Whether it be commercial, residential or industrial, all construction projects will require solid project management to fulfil the demands and expectations of the stakeholders. Project managers working in the construction industry will oversee the direction, regulation and supervision of the project, from the early stages of development to the final completion.


More often than not, construction projects will involve careful planning of activities, management of budget and time constraints, timelines and stakeholder expectations. For residential homes or commercial buildings, it is important to factor in any uncertainties such as weather, supplier issues, and legal disputes (just to name a few). An ineffective system of project management can lead to exceeding budgets, timeline delays and an unsuccessful completion of the project. When dealing with a high risk project environment, the stakeholders may find themselves dealing with significant financial losses, a damaged reputation and wasted resources.

On a national scale, the urgency for higher quality project management in the construction industry was highlighted in a recent study by Haron et al (2017). It was outlined that due to poor project management practices, there is an increasing sight of collapsing buildings, cracked roads and abandoned private and public construction projects, leading to a negative public outlook. As the construction industry is a key contributor to the national economy, there is an increasing focus on hiring qualified and knowledgeable project managers who can prevent project failures and enhance the quality of infrastructure in the country.

Source: https://thenewsarawak.com/mtuc-number-of-retrenched-workers-in-sarawak-worrying/


1. Critical Path Method (CPM)

A popular tool used by project managers working in the construction industry, CPM helps map out the planning process of construction to achieve maximum efficiency. This is mostly effective for large scale projects that involve various constraints and less flexibility to making changes.

CPM can be applied to construction projects by:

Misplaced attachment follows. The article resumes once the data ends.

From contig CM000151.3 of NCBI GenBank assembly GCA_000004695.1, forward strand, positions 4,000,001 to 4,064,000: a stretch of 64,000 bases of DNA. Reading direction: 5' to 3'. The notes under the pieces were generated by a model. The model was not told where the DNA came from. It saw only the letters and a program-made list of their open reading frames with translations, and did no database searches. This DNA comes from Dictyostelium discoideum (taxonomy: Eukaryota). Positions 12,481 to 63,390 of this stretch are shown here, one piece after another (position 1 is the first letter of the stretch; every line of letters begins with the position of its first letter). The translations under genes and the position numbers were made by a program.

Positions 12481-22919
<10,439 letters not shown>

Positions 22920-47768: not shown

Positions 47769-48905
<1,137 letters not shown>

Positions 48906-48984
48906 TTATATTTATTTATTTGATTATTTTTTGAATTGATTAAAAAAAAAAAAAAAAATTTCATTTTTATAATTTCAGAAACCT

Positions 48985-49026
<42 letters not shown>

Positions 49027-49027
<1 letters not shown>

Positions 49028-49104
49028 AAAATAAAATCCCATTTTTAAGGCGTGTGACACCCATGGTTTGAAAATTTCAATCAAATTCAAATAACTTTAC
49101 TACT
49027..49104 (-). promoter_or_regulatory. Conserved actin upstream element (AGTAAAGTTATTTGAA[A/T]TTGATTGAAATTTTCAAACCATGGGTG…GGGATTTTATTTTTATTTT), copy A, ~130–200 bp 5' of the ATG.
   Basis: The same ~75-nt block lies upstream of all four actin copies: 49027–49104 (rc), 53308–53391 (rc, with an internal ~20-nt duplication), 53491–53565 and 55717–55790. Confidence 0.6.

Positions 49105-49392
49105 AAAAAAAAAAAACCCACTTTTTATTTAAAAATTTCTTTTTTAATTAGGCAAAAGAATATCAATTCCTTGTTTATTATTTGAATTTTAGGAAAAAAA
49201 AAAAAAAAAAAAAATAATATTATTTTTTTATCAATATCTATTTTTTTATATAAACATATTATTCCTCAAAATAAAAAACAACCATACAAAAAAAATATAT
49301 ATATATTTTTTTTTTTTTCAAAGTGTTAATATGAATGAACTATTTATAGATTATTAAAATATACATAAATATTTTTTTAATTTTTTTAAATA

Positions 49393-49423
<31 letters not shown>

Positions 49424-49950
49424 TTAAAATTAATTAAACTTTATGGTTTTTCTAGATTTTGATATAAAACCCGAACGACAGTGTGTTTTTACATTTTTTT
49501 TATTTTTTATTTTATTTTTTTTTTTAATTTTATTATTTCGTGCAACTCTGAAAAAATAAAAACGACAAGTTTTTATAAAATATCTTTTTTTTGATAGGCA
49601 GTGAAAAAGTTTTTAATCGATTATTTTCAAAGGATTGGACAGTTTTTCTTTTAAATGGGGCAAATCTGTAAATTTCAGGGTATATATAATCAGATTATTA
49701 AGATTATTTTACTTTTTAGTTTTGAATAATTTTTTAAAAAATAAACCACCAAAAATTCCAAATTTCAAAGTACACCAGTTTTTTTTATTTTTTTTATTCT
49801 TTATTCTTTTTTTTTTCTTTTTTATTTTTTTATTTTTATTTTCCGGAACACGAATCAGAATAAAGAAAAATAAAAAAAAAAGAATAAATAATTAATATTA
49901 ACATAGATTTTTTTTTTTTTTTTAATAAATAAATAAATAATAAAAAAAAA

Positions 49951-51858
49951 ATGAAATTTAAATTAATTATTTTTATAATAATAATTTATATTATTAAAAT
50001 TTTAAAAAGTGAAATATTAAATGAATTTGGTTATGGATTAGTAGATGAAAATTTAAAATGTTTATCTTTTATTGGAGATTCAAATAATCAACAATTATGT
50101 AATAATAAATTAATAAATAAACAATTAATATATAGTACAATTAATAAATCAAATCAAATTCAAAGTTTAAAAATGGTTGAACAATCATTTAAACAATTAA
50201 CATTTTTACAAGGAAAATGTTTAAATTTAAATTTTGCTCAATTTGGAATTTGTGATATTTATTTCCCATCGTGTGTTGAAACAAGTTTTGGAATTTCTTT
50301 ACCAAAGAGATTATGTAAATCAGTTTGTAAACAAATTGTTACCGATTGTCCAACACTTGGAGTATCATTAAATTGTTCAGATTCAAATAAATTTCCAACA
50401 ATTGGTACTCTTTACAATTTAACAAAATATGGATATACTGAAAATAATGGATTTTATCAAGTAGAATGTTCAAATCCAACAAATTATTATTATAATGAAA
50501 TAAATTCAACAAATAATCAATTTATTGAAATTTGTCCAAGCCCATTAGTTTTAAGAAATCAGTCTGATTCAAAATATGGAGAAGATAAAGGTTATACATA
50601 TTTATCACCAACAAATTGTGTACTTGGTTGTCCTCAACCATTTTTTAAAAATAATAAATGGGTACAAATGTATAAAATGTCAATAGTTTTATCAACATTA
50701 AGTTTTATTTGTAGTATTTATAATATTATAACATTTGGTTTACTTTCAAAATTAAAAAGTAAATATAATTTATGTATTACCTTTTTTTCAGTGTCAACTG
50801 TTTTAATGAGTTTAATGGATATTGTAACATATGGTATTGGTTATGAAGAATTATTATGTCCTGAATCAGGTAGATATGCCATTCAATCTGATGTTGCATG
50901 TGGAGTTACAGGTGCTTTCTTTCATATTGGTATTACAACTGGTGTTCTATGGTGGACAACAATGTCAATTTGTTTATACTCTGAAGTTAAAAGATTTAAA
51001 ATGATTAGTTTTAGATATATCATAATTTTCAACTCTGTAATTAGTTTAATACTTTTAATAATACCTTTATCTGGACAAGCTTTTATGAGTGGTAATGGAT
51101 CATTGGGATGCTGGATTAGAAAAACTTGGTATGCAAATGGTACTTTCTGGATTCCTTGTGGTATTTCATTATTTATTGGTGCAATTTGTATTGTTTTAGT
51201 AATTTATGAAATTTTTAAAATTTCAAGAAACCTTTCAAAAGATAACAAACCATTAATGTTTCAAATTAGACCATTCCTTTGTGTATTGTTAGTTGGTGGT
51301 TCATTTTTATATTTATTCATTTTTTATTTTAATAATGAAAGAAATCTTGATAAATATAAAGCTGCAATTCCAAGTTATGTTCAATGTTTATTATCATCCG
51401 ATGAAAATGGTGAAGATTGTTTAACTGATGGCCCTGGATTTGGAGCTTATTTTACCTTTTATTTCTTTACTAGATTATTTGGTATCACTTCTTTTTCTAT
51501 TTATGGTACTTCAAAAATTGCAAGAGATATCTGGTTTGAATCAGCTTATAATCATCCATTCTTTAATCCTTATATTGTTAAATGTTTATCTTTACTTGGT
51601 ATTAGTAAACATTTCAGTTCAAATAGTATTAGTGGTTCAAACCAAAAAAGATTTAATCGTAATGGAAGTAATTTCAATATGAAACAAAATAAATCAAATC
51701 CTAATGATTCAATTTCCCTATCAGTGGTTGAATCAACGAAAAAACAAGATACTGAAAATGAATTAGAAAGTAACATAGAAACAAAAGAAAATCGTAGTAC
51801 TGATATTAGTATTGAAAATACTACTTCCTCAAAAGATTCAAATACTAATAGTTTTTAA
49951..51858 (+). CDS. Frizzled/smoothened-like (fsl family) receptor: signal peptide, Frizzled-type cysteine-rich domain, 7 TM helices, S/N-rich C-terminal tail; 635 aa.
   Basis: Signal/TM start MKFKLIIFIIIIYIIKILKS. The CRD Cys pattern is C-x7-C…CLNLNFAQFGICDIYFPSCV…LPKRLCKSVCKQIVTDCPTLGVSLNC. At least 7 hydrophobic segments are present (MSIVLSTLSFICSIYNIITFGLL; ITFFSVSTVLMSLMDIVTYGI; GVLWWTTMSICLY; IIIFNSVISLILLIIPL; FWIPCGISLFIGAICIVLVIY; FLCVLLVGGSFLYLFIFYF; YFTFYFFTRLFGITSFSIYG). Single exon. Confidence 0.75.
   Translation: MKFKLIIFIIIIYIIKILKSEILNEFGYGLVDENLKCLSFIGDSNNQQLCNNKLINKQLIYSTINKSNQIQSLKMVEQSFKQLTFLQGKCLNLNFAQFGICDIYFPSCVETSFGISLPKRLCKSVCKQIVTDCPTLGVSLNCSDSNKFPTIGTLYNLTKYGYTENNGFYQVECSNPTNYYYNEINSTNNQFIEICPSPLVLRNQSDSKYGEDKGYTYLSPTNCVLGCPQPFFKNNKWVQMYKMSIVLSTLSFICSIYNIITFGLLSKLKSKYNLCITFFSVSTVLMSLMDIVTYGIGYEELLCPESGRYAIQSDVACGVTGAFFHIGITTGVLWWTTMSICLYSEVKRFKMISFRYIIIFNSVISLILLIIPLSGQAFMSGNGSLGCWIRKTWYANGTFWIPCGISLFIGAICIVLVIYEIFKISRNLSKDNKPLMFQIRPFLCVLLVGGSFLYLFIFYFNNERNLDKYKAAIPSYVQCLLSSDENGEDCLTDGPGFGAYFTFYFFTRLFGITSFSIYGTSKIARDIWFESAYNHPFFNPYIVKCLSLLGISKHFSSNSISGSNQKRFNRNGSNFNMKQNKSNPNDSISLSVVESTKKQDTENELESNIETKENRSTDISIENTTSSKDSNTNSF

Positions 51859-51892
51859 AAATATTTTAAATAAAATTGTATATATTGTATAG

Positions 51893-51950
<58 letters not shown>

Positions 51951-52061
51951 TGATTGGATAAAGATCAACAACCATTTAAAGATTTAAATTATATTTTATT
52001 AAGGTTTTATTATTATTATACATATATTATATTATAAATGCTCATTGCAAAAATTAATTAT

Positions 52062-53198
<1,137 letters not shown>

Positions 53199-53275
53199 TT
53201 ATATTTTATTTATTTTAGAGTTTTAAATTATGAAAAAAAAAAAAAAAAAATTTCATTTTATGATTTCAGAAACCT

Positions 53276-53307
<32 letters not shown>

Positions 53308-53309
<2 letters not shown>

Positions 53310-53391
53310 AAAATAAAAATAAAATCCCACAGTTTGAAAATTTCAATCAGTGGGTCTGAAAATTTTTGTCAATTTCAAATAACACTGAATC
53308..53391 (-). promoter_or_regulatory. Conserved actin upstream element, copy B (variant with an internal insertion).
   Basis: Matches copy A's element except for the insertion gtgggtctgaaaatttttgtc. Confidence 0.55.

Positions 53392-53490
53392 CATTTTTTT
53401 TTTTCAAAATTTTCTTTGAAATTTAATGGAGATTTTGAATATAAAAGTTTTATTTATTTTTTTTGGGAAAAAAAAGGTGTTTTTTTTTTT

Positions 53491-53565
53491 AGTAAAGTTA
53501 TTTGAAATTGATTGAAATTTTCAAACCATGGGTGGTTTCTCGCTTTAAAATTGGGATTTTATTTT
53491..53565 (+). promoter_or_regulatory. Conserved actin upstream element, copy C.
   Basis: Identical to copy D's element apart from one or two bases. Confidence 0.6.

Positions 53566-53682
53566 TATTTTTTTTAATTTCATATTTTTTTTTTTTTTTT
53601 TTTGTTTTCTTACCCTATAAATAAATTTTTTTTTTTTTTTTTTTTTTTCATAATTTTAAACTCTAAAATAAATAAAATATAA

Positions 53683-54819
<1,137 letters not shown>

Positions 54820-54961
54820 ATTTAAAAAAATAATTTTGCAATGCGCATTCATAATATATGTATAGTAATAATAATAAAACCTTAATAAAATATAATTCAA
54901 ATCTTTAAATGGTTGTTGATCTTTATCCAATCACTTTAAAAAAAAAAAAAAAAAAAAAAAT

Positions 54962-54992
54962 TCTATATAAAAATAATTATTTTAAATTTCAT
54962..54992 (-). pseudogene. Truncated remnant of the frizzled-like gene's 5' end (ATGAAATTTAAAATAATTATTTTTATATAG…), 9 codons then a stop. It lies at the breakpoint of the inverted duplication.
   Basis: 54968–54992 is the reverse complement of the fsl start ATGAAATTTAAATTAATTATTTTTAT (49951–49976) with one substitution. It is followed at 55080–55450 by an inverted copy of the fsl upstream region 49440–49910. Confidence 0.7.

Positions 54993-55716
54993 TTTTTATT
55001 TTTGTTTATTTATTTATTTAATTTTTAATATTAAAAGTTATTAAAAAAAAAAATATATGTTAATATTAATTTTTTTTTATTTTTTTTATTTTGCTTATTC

• Using critical path software to simplify the project and obtain more accurate calculations on areas like the total float of the construction managers. The total float refers to the amount of time that a task can be delayed without pushing back the project finish date.
  • Using the Earn Value Management method to accurately keep track of costs and progress
  • Generating a graphic overview of the project, which outlines high priority tasks, risks involved, timeframe and distribution of roles. This is achieved through the use of CPM software or Gantt charts.

2. Agile

Agile methodologies can be tailored to provide significant benefits to construction projects by applying selective aspects of it within the context of the project. For example, unlike software projects, the execution phases in construction are largely linear, meaning that processes cannot be delayed or relocated to a later stage. Hence, by creating a hybrid model that utilises key strengths of Agile in construction projects, the following benefits can be derived:

  • Improved client engagement in the early stages of the project (e.g. design planning) and encouraging further participation in the outcome.
  • Complex tasks can be separated into smaller and more practical segments to conduct a more seamless management and reduce the risks/uncertainty involved.
  • Frequent reviews of finances using tools such as the burndown chart can result in improved tracking of productivity and profitability, as well as management of costs and budget.
  • Improved team collaboration as workers provide feedback to construction managers on areas of improvement, which can further enhance efficiency.


Through the Construction Extension of the PMBOK Guide, PMI is able to provide guidance that is specific to PM professionals working on construction projects. This guide also discusses the current and emerging trends and developments in the construction industry, which keeps skills and knowledge up to date.

As outlined by PMI, the Construction Extension of the PMBOK Guide includes further areas of discussion including:

  • All project resources, rather than just human resources
  • Project health, safety, security and environment management
  • Project financial management, in addition to cost
  • Management of claims in construction

At PMCOE, we are an Authorised Training Partner of PMI. For more information on project management training, please visit https://pmcoe.com.au

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